Initially daily but now sporadic blog about anime and world animation with a specific focus on the artists behind the work. Written by Ben Ettinger.
August 2004
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Archives for: August 2004, 06

Friday, August 6, 2004

04:33:47 pm , 931 words, 1420 views     Categories: Animation, OVA

Eternal Family

Studio 4°C's mini-mini-series Eternal Family (1997-8) is finally available, and thankfully not in a limited edition like many of Studio 4°C's releases. I've watched it twice now to catch everything and figure out the story. I could accept people complaing about the story, that it's not well developed, that it's difficult to follow; but really that's like complaining that Tarkovsky is slow. That's just the nature of the beast. It certainly isn't for everyone.

It's for me, though. I loved it. For me this is probably the first piece longer than 3 minutes by Studio 4°C that I felt truly reflected the real spirit of the studio. That unchecked experimental spirit that just throws in every interesting idea. Experiencing the labyrinthine world of this anime is similar to wandering around that crazy Beyond C web site of theirs.

The way the series came to be actually is pretty easy to figure out, once you've watched it all. I suppose that beforehand they set up the basic outline, maybe some details, just to have in the back of their minds; then they just came up with funny gags and let the person in charge of each episode have fun with the characters. That's really the heart of the series: letting the animators have fun with the basic premise and set of characters. One animator draws each episode. That's what I like most about this series. That every time you get to see the personality of an animator fully expressed.

One of the big reasons I was looking forward to this was to see Tatsuyuki Tanaka in action as an animator. He's one of those animators whose reputation far outpaces the actual volume of his work. Since he drew his first key animation in Battle Royale High School (the one cut of the school exploding) he did Tetsuo's arm in Akira, then the classic smoke-through-the-nostrils scene in Download, the opening gunfight of Green Legend Ran, and the dojo fight in Hakkenden #9... but not that much else. Since then doing Eternal Family five years ago he's been busy working on his feature film debut at Studio 4°C, as well as drawing illustrations and manga. (Tanaka's fertile imagination also being the reason why he's been called on to do a lot of layout and conceptualization work for various anime, like Roujin Z.) So the fact that the total number of cuts (shots) he's animated can practically be counted on the hands and feet goes far to suggesting the special, truly outstanding quality of his animation. For animation buffs like myself, he's remained an animator first and foremost, so it's been lonely not seeing him animating, and I hope he comes back to animation one day.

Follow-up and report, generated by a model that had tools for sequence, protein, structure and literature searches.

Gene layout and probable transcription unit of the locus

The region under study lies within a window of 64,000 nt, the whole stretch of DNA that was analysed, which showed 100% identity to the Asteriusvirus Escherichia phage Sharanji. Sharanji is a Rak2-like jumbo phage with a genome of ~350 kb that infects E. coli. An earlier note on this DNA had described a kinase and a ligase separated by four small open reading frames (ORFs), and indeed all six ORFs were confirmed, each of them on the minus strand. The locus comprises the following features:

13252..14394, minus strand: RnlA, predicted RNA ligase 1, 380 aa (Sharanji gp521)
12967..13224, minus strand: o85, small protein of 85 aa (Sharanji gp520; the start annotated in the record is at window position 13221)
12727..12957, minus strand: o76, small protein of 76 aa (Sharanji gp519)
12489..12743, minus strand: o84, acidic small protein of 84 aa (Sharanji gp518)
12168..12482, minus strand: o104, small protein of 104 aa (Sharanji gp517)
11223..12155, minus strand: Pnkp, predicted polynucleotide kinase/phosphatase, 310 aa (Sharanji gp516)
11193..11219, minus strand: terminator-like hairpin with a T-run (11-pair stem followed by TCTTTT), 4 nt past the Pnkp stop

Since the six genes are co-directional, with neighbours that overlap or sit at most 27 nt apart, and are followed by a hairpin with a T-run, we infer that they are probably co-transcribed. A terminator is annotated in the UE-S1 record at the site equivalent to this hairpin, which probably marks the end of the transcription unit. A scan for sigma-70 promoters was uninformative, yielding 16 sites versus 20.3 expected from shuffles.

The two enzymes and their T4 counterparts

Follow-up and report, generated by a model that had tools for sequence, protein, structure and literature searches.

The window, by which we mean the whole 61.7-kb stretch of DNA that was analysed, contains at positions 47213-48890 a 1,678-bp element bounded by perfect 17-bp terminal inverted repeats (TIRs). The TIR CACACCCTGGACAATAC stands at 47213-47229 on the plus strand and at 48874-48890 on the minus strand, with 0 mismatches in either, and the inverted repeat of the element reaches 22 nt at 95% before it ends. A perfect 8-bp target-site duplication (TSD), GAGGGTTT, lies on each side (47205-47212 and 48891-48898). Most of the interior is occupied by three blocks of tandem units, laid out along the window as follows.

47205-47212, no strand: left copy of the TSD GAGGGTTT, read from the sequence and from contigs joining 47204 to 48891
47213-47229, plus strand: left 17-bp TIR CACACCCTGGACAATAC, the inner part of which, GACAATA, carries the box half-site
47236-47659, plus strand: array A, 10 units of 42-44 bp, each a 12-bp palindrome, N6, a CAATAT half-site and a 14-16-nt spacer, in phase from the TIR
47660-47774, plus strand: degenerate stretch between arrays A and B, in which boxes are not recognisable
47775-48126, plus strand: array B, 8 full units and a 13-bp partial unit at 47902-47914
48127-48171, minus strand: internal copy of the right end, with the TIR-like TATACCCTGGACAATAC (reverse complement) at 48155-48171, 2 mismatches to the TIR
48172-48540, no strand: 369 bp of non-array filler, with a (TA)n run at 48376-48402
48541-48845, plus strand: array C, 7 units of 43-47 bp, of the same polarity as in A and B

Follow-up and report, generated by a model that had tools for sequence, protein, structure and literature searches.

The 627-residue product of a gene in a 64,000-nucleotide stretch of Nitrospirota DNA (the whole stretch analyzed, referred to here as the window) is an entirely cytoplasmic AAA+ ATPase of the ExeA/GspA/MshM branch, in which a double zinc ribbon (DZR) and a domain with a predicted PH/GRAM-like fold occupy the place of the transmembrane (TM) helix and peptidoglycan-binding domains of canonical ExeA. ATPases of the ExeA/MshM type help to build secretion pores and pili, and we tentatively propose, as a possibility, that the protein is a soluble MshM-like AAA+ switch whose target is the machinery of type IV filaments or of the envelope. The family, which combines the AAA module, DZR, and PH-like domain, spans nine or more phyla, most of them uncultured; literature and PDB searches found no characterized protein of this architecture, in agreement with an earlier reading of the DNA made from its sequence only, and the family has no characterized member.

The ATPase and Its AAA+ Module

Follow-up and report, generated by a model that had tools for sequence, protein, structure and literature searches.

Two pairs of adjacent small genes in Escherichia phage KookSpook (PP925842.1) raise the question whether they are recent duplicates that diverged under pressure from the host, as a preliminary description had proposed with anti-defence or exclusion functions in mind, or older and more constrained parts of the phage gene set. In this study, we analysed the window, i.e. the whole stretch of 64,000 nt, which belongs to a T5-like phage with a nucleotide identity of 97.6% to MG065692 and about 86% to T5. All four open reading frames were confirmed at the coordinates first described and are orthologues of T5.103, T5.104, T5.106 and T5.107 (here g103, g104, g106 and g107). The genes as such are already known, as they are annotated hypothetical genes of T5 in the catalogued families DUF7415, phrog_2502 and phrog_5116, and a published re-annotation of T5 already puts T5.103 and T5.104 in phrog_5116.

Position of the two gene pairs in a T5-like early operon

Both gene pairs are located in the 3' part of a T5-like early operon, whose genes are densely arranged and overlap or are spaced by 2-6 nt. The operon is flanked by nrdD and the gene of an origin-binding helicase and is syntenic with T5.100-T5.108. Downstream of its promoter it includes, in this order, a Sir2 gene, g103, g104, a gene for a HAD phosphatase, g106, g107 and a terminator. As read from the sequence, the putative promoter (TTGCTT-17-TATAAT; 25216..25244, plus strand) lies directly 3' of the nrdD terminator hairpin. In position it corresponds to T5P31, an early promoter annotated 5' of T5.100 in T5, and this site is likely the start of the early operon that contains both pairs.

Here I think he's done some of his best work. I have a list of exactly what he did in his episodes thanks to a memo on Yuichiro Oguro's diary, though his episodes are easily identifiable once you've seen the whole thing through twice.

11 - Dad apologizing to doll (animation)
13 - Mom doing aerobics (animation)
19 - Changing the lightbulb (animation)
20 - Fishtank (storyboard, directing, animation)
24 - Family in the water (animation)
29 - Children finding doll (storyboard, animation)
32 - 2 million reward offer (storyboard, animation)
38 - Dad bellydancing (storyboard, animation)
44 - This way to the bathroom (storyboard, animation)
52 - Crazy boss dance (animation)
53 - Dad running (animation)

The most conspicuous is #20, for which he did everything. The ideas, the layout, the sepia tone - everything is totally, unmistakably the work of Tatsuyuki Tanaka. It's like one of his drawings come to life. Animation-wise the most impressive are the ones where Tatsuyuki draws vigorous body motion, eg, the episodes with mom and dad dancing. I was stunned, to be honest. I knew he was incredibly good, but I wondered if his work here would measure up to his other work. Not only does it measure up, it proves decisively that he's one of the best animators of realistic physical motion in Japan. This is one of those guys who was good right from his very first key animation. After his fourth episode he storyboarded most of his episodes, and the wonderful atmosphere he creates via his storyboarding leaves one feeling one has had a tantalizing foretaste of what is to come in his film, if it ever gets done.

Interesting to notice that here he was given another underwater scene to animate. Presumabily this is due to the excellent quality of the underwater scene he did just before in Noiseman. There's a part in the latter where there's a psychedelic, distorted zoom-in on the protagonist's eye. It looks like it could have been done by CG or camera tricks, but no, he drew it all himself. Another animator from Noiseman we find here again is Jiro Kanai, with whose work I'm not well enough versed to be able to pick it out.

And I'm happy to even see Aoki Yasuhiro! He's one of my latest discoveries, if you'll rememember my comments on his episodes of Studio 4°C's current TV show Tweeny Witches. Eternal Family is his earliest work I know of, coming as it does a few years before Animatrix, which was immediately followed by Tweeny.

Also, one of the things that makes the series work despite its very one-off, fragmentary nature, is the zaniness of the writing. Even when the jokes are really crass, they're funny because of the deftness with which they're presented. I got the same feeling from certain episodes of Samurai Champloo - which? Yes, Dai Sato's. He co-writes the series with director Koji Morimoto.